Monthly Archives: January 2012

You would have thought Thorsten Heins would put an end to anything which could be perceived as bad for the company as soon as he positioned himself in the RIM hot-seat. Unfortunately (this word honestly feels like it’s become synonymous with RIM recently), that isn’t to be the case as the company’s BlackBerry division have just rolled out a new advertising campaign and enlisted the help of a few Superheroes to invigorate customers to #BeBold.

The team of four, which are said to personify #BeBold resolutions (but can easily be adapted to mirror the companies problems,) is said to include:                                                                                              The Achiever, GoGo girl who is known for “Saving the day with a brilliant strategy”;                             The Adventurer, Max Stone is “Able to jump out of a plane…”;                                                                  The Advocate, Justin Steele is “Always ready to stick up for his friends”;                                               and The Authentic, Trudy Foreal who is “Not afraid to call it as she sees it”.

Well, if it wasn’t evident a few days ago that they need a new Chief Marketing Officer (CMO), it sure is now.


Looks like HP chose the wrong Apple product to blatantly copy (context), as the results for PCs shipped in Q4 2011 have just come in, and Apple are leading with a 17 percent share of the 120 million PC’s shipped mainly because of their iPad sales (which reached over 15 Million), as well as their Mac sales which topped around 5 Million in the quarter,                                                                       The data, recorded by Canalys (which includes desktops, netbooks, notebooks, and tablets), shows HP slipped down to second for the first time in years – which could be attributed to the flooding in Thailand, which affected hard drive manufacturing plants for most of the year.

Results like this are sure to piss off those who claim that “the iPad is not a PC”, but it’s only going to get worse for them as Amazon will probably take a huge chunk of the market share next quarter, due to their Kindle Fire tablet (which has already notched up six million sales in Q4 alone (its launch quarter)).

While Motorola promised to make fewer device models during 2012, it looks to be a whole different case when it comes to variants of devices already on the market – as Motorola has just announced that they will be releasing the Motorola Droid RAZR Developer Edition, to appease the customers who are disappointed that the original Droid RAZR did not  come preloaded with an unlockable bootloader.

We have some news for the community of people interested in unlockable/relockable bootloaders. Today, we announced a step forward in Europe with the availability of an unlockable version of our most in-demand product: the Motorola RAZR™ Developer Edition. This solution allows us to continue meeting our carrier and regulatory obligations, but also meets the needs being expressed by our developer community.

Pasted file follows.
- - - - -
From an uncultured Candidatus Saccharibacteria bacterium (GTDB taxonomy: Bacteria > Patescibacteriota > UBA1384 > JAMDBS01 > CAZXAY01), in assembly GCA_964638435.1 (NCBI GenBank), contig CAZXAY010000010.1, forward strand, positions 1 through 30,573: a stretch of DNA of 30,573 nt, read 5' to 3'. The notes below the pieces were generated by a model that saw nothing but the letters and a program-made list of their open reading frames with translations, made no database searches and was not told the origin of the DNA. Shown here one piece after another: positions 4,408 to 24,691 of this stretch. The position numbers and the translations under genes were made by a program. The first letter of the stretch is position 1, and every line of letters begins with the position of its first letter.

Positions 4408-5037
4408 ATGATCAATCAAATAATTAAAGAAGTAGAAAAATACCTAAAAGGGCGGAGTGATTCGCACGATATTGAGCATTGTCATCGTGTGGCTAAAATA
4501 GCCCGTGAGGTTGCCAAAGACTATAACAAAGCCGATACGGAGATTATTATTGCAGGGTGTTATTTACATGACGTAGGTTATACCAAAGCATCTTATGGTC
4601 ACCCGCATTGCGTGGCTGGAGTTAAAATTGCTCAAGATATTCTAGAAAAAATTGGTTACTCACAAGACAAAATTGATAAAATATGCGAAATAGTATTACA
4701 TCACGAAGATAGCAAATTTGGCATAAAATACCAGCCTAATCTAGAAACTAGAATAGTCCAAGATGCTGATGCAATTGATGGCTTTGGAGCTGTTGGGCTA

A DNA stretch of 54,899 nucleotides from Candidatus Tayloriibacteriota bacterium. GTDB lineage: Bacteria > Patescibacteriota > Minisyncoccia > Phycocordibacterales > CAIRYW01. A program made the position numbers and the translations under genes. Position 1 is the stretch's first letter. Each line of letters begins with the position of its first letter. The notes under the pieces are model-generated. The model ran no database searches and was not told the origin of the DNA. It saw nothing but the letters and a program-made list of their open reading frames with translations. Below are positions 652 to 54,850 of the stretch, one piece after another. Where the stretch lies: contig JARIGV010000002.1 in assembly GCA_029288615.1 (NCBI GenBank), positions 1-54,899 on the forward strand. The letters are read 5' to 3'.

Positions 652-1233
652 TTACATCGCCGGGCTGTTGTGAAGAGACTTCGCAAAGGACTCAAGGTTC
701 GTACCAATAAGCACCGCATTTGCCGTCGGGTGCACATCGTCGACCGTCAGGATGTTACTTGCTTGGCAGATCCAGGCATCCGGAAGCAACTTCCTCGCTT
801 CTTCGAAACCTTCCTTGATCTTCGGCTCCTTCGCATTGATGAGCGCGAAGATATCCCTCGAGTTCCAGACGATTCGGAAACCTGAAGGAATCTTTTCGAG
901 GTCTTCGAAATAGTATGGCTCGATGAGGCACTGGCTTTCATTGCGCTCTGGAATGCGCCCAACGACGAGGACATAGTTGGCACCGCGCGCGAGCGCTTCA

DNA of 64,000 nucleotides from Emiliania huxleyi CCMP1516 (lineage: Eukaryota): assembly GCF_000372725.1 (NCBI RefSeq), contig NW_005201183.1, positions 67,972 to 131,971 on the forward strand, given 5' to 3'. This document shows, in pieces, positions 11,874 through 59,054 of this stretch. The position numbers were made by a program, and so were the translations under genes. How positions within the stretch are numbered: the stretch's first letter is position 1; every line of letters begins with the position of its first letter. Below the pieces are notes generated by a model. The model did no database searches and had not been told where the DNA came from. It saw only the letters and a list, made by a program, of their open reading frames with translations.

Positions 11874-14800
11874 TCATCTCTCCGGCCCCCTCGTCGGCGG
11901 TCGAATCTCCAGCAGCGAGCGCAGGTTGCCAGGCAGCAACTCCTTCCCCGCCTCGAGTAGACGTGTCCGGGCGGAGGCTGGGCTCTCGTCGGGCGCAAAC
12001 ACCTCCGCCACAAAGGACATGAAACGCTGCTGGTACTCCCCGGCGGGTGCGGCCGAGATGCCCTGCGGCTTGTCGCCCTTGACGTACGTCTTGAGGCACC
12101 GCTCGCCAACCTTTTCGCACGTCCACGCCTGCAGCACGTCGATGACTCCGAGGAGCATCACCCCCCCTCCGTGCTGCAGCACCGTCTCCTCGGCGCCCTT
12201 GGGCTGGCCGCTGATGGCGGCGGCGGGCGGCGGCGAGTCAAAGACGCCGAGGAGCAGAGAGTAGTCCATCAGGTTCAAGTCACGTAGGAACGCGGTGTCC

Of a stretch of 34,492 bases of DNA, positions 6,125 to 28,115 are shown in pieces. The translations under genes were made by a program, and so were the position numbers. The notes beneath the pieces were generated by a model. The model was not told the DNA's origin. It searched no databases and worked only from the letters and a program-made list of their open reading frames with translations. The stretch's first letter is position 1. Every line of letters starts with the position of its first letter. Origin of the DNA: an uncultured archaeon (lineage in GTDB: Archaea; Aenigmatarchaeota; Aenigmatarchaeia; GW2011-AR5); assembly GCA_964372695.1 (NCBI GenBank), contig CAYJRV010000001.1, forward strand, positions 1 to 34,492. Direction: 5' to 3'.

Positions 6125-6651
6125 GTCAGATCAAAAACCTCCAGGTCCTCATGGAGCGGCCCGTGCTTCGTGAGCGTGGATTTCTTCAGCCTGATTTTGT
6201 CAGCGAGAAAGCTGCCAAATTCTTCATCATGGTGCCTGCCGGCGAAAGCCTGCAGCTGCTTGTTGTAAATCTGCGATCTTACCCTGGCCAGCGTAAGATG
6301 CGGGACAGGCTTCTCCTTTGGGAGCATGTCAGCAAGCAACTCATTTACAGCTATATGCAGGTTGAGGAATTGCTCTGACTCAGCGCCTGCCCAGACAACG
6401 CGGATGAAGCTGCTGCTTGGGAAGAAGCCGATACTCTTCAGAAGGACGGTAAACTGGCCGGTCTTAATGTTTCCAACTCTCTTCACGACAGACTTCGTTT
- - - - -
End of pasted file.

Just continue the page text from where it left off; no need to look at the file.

In the coming months, we also plan to introduce an unlockable developer device in the United States through MOTODEV, Motorola’s global developer network. Stay tuned to Motorola’s Developer site for additional info.

The Developer Edition, which comes with an unlockable bootloader, apparently couldn’t be pushed out to the original models due to “carrier and regulatory obligations”; which others, namely HTC, have no problem with.

Now, I can understand if a manufacturer might release one variant much later on in a device’s lifespan to add a major feature which wasn’t previously available (such as LTE support). but what Motorola is doing is far from that and is basically a slap in the face to early adopters of the Droid RAZR – who will now have to fork out an extra 500-600 dollars or Euros for a new RAZR if they ever want to see a custom ROM or kernel on their device.                                                                                       I honestly wouldn’t have even said anything if Motorola offered a free swap to Droid RAZR customers who want the Developer Edition instead, but that’s just not the way they roll unfortunately.

If Google’s $12.5 Billion purchase of Motorola goes through let’s just hope that they adopt Google’s motto of “Don’t be Evil” (even if Google’s currently having a hard time adhering to it themselves).

With it set for release the day after this was recorded, Adam Lashinsky, sat down with LinkedIn earlier this week to talk about his new book, “Inside Apple” as well as some of the methodology Apple have lived by over the past 15 years to make themselves the most valuable Tech company in the world today.

I highly recommended watching this, for anyone who isn’t planning to purchase the book (which is available now by the way) but still has some interest in Apple as a company.